Daniëlle Slootjes (University of Amsterdam) will give a paper on crowd control in cities of the ancient world. Those interested can attend in person or join us digitally via Zoom.
|Date||18 November 2021|
Throughout the history of the ancient Mediterranean world, cities played an important role as political, economic, social, religious and cultural centres. While hundreds of smaller cities dotted the ancient landscape, most of our evidence comes from the larger cities around the Mediterranean such as for instance Rome, Athens, Constantinople, Antioch or Alexandria. Their sizable and diverse populations turned these cities into lively cosmopolitan hotspots but presented their authorities also with many challenges. The availability of space, food and work, for instance, were among these challenges. Indeed, inhabitants of ancient cities turning into disgruntled and rioting crowds because of shortages were a potential danger for the stability of society.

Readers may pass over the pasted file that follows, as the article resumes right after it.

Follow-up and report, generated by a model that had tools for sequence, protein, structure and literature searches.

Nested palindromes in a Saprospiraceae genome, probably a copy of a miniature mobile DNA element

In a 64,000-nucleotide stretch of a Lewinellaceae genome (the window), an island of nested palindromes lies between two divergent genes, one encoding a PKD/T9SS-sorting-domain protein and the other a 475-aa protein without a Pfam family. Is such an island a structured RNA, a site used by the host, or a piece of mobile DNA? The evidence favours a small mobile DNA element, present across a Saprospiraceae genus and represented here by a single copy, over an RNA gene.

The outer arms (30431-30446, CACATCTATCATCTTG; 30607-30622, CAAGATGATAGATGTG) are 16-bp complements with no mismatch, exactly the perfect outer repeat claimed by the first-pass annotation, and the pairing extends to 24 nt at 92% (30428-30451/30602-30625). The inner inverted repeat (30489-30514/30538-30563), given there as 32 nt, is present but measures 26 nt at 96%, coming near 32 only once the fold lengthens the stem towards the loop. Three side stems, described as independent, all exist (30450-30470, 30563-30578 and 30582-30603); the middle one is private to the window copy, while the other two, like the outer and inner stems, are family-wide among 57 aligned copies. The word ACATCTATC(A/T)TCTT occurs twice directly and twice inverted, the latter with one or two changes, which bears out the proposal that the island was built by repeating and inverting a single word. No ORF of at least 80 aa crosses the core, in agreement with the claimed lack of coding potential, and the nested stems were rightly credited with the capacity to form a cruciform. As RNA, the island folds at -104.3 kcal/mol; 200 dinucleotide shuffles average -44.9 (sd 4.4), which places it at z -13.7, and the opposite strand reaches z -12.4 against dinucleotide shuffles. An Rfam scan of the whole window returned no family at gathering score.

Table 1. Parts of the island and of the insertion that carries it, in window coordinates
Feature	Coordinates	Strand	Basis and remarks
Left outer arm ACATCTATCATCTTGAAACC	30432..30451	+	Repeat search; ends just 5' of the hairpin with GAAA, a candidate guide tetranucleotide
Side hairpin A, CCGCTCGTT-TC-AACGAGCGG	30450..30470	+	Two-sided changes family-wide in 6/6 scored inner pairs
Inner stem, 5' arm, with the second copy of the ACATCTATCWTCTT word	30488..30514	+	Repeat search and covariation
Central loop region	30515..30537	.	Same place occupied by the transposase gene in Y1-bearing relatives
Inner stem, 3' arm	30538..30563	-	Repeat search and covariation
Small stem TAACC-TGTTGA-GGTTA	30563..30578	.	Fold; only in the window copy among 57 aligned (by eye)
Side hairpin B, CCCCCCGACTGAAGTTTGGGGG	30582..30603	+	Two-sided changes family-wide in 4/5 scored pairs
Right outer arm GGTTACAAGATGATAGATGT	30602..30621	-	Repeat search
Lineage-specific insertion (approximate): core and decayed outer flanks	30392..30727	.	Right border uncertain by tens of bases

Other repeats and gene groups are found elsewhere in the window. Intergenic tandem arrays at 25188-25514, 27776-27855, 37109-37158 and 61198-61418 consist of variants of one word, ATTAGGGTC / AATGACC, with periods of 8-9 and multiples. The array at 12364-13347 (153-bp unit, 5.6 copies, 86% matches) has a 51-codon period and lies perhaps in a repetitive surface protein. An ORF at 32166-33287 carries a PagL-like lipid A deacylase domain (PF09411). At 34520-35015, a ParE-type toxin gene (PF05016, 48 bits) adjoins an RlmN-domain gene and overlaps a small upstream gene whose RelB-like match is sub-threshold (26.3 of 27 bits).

Modern scholarship has mostly analyzed ancient crowds as potentially violent, emotionally volatile and thus easily to be manipulated. Studies on modern crowd behavior as a universal phenomenon, however, have demonstrated that this is a limited and simplistic way of presenting crowds. In my research I am attempting to integrate ideas from these modern crowd studies, i.e. theoretical concepts from the fields of sociology, social psychology, urban design and planning with the ancient evidence on collective behavior. By way of a case study on ancient processions, this presentation will demonstrate how this integration of modern leads to new perspectives on mechanisms of ancient crowd behavior.
This is a hybrid event. Those who wish to join us in person are welcome from 15:30 onwards in Bushuis' VOC room; those who would like to attend digitally are requested to register below.